The Outsider and His Indignant Eye
The Art and Philosophy of a Passionate Iconoclast GEORGE MORANT
Text by Michael Richards
Regular price US$44.95
Our price US$33.71
Outsider Artists live on the margins of the art community, but they are not failed insiders or "wannabes". They are determined individualists, who paint with passionate intensity and honesty about the world they know, and they care nothing for the commercial art market and gallery system. Author Michael Richards explores Outsider Art through the work and philosophy of an extraordinary Australian painter, George Morant, a self-taught artist who began painting while mining opal at Lightning Ridge in outback New South Wales in the 1960s.
Since then Morant has created hundreds of typically big bold bravura compositions and held almost twenty solo exhibitions. Many of his most audacious and savagely satirical paintings are held in private and corporate collections around the world, and he is represented in the National Gallery of Australia (Canberra) with a highly controversial work on the theme of Aboriginal deaths in custody, “Queensland Sergeant.”
This book presents a brief outline of the life and work of this enigmatic and reclusive artist, along with reproductions of some of Morant’s most iconic and iconoclastic paintings, including works from his series such as “Crime and Corruption,” “Return of Christ,” “Courtship and Marriage” and “Murder Red Country”—the latter dealing with the colonization of Australia and theft of country from its indigenous inhabitants.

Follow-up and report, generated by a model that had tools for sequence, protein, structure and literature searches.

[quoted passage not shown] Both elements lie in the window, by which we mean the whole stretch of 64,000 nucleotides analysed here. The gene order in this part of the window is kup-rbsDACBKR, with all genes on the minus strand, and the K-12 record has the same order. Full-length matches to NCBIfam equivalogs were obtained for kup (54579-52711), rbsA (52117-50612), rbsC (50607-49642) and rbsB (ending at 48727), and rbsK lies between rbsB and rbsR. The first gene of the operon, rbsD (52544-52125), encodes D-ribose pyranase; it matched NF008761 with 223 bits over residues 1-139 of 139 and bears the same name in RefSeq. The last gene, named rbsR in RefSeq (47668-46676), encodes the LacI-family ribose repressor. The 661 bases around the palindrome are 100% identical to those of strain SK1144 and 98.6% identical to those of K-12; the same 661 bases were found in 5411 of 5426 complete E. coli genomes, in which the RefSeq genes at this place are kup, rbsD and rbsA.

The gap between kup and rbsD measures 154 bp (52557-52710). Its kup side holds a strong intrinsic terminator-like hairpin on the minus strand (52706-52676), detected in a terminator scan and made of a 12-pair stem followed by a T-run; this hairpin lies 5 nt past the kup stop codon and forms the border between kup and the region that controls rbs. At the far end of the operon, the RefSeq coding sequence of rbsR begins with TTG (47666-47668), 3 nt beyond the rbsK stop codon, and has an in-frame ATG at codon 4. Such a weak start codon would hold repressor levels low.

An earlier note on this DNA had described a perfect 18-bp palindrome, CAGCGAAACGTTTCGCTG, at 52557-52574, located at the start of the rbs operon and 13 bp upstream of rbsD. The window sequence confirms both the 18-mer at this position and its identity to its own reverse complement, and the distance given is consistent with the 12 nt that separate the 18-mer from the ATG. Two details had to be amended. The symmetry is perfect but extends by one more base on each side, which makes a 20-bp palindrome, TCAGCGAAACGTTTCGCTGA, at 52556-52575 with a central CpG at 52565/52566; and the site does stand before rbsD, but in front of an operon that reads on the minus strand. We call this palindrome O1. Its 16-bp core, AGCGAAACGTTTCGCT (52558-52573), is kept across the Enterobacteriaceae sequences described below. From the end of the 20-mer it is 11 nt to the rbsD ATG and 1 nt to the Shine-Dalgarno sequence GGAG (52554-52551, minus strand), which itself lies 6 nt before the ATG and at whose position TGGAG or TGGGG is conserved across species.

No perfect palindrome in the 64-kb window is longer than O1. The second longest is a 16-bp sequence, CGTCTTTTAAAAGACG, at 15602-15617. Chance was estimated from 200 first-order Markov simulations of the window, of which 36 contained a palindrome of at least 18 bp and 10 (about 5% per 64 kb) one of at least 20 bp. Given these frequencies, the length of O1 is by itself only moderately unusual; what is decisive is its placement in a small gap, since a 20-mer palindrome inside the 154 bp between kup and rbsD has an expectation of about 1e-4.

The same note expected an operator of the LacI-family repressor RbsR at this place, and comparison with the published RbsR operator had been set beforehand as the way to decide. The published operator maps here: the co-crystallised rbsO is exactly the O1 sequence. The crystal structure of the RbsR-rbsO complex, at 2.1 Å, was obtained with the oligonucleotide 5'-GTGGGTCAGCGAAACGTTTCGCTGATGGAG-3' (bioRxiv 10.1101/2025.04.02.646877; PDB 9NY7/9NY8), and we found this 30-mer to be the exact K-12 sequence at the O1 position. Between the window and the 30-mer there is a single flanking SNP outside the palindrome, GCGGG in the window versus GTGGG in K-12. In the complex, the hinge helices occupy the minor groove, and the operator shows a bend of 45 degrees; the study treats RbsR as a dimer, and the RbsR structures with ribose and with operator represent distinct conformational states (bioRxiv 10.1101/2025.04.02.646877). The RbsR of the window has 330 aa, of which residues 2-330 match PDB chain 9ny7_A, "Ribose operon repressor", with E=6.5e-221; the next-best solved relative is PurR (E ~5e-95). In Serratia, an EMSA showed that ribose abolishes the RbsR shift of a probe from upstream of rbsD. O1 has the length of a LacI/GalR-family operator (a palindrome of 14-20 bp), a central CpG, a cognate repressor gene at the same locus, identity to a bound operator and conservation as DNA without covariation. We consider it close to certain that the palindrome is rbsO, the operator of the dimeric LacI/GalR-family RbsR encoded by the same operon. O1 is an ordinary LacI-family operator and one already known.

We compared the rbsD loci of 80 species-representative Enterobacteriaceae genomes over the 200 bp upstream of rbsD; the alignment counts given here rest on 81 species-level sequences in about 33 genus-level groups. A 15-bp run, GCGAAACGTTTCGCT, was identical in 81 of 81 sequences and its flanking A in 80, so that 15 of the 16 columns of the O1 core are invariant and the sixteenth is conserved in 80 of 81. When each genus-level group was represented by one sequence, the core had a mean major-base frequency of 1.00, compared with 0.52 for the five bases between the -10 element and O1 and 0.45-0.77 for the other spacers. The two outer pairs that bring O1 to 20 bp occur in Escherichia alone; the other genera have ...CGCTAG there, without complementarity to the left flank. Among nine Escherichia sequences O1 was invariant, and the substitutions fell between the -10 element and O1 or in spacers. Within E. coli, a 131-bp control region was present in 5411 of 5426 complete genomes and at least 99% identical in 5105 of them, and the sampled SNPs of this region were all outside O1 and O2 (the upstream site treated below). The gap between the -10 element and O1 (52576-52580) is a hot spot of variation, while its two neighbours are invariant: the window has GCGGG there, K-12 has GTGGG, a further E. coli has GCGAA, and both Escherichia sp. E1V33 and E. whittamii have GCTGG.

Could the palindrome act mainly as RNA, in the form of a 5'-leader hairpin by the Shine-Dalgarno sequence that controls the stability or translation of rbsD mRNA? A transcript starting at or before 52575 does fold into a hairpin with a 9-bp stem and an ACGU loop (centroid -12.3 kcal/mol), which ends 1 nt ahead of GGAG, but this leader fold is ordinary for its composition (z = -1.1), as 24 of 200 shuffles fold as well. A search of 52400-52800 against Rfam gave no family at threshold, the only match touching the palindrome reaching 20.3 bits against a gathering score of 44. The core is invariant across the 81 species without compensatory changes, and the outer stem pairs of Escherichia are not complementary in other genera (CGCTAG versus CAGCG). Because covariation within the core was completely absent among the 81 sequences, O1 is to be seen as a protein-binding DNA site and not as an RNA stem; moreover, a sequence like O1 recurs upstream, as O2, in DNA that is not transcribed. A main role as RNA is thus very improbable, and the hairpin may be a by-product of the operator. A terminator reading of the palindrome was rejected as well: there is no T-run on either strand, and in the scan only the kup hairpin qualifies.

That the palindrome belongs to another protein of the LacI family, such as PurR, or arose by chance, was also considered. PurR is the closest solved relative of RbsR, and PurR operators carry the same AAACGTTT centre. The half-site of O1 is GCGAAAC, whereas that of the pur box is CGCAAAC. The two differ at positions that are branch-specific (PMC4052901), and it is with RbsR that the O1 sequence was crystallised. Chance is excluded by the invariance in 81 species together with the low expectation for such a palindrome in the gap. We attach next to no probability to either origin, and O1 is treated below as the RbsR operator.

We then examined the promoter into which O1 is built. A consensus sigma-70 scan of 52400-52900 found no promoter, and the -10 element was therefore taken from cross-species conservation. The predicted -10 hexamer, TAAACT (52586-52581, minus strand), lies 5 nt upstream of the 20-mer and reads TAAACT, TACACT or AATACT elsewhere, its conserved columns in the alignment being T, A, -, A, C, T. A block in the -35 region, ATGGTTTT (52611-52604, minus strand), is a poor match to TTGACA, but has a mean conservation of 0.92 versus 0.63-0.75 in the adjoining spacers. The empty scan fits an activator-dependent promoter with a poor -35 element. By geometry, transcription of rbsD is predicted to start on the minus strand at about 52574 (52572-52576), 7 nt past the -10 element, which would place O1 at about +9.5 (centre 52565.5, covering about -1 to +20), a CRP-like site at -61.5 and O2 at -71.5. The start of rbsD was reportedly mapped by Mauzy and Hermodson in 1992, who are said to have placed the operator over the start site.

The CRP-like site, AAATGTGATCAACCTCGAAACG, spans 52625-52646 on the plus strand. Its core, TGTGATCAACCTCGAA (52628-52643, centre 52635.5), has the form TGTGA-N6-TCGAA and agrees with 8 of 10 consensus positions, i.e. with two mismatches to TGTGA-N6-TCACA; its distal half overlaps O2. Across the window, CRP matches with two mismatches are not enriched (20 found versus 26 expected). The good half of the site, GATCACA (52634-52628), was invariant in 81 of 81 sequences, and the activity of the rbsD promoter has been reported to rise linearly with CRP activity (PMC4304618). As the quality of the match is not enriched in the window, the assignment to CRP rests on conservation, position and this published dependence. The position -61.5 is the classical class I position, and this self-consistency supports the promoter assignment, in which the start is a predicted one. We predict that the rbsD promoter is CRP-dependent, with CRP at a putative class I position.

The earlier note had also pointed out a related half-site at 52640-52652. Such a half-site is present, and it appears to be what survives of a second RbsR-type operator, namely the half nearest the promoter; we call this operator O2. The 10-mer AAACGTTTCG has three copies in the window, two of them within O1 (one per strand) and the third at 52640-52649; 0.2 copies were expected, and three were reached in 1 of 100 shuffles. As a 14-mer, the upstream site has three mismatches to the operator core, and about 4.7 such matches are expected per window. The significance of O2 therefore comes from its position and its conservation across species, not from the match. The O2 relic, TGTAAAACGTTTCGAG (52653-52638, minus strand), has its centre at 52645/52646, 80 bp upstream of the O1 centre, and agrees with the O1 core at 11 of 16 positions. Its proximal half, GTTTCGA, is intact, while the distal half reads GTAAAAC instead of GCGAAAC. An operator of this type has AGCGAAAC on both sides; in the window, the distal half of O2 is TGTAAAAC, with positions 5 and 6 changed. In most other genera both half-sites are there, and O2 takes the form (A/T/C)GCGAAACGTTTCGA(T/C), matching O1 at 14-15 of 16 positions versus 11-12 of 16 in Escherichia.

“George Morant is the pre-eminent painter of Australia’s unofficial social
—Michel Sourgnes, former curator of Contemporary Art at the Queensland Art Galler
“Universal targets of Church and State have rarely been lampooned with such a boisterous sense of the absurd, or with such an exhilarating handling of colour. The bigger the canvas, as in Pity She’s a Whore, the more exuberant and fluent the style. … Interrogation by the Patriots with its crazily tilted planes, fauve colour, fleshy figure crowned with thorns and jack-booted soldiers, recalls the scalpel-sharp satire of George Grosz or Max
—Nancy Borlase, Sydney Morning Herald
80 pages, including 41 color plates, CLOTH |